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Harlan’s regret illustrates importance of coach-G.M. relationship


Though the Packers currently have one of the smoothest-running organizations in all of sports, they went through a little chaos to get there.

Former Packers president Bob Harlan recently explained to Jason Wilde of the events that resulted in the decision to make Mike Sherman head coach and G.M., the decision to hire a G.M., and the eventual decision to fire Sherman.

Harlan called the decision to make Sherman the head coach and the G.M. “the worst decision I made.”

When G.M. Ron Wolf retired after the 2001 season, Harlan gave Sherman, who had only one year on the job as head coach, Wolf’s job. The decision made sense; former Packers coach Mike Holmgren was performing both jobs in Seattle, and former Packers assistant Andy Reid wore both hats in Philly, albeit without the formal G.M. title.

Harlan attributes the move not to the trend that existed at the time, but to his fear that Sherman wouldn’t mesh with a G.M. who didn’t hire him.

“I was concerned that if a new man came in from the outside, Mike might have trouble getting along with him, [or] the new man might want to come in and want to totally change the scouting staff, which I thought was a capable young scouting staff,” Harlan said. “And so I decided to do something that I don’t like to do -- give one man both jobs. And he didn’t hurt us on the field -- we went 12-4, 12-4, 10-6, 10-6. [Sherman] did a great job of coaching. But it got to the point when we started having problems with players that he almost seemed to be ignoring the team.”

The straw that broke the camel’s back came in 2004, when Harlan sensed that Sherman was preoccupied by former Packers cornerback Mike McKenzie’s holdout. “That following Tuesday, we had our regular monthly meeting of the executive committee and I asked the committee for permission at the end of the season -- this was in early October -- if I could take the general manager duties away from Mike Sherman and hire Ted Thompson,” Harlan said. “And they gave me permission to do that, and I sat on that for four months.”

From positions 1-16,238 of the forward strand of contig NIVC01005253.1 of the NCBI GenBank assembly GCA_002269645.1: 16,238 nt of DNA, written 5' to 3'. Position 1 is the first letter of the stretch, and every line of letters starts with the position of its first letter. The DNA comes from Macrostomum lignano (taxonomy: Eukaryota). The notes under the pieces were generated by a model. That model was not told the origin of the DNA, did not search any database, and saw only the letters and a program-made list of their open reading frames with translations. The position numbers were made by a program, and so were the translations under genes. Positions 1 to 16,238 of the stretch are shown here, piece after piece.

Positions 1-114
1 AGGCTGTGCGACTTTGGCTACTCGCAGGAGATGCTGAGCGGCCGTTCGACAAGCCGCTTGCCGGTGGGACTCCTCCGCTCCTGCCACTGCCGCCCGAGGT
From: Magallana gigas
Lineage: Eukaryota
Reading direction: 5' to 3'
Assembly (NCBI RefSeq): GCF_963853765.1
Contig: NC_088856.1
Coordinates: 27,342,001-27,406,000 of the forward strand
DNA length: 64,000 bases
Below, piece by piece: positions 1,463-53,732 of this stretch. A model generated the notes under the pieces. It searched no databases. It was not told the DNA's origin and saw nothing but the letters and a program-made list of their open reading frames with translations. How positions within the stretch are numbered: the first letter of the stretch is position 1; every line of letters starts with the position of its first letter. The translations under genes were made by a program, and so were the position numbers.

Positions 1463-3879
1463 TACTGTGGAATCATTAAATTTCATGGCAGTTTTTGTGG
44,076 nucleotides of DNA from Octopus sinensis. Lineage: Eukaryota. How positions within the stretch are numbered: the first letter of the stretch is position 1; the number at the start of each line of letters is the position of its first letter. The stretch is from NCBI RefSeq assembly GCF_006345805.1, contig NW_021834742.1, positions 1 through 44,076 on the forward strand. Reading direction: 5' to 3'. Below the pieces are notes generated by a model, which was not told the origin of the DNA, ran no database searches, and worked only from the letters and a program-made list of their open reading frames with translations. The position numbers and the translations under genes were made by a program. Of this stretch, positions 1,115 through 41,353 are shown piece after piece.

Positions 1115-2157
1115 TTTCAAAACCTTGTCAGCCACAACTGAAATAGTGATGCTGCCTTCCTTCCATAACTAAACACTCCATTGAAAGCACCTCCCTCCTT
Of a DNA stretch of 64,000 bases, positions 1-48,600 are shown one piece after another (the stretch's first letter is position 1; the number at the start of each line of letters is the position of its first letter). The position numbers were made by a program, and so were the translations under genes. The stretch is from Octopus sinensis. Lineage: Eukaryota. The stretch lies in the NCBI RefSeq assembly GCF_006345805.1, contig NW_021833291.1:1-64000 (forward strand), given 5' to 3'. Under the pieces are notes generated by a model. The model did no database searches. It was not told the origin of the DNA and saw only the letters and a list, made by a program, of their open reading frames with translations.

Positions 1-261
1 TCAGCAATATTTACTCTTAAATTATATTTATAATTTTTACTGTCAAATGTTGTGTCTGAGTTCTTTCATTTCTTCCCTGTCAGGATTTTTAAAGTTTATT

Sherman wasn’t happy about the plan, Harlan said. “I’d go to practice, and I’d watch Ted and Mike on the field -- I didn’t even watch the team, I wanted to watch those two gentlemen -- Ted would be talking to Mike, and Mike would be looking off in the distance, like he didn’t even listen to him. It was a very cold relationship. And Ted came into me at the end of the year and said, ‘I’ve got to make a coaching change. I can’t go on like this.’ And we made the change.”

And the change paid off, because Thompson and subsequent coach Mike McCarthy have enjoyed a strong working relationship. The team has been among the elite in the NFL for the past several seasons.

It’s not enough to attribute the success to the fact that the G.M. hired the current head coach. G.M. Scott Pioli hired Todd Haley in Kansas City, and their relationship disintegrated within three years.

The point is that, regardless of gets there first, the head coach and the guy who runs the front office need to be on the same page. And if the head coach also runs the front office, he needs to have people in the front office to whom he can and will delegate issues, so that the head coach won’t lose sight of the most important part of his job duties.

Given the intense pressure and heavy lifting of a football season, it’s critical for teams to have people in these jobs who can work together. Though success isn’t impossible without such cooperation, it’s a lot easier to thrive when everyone is on the same page.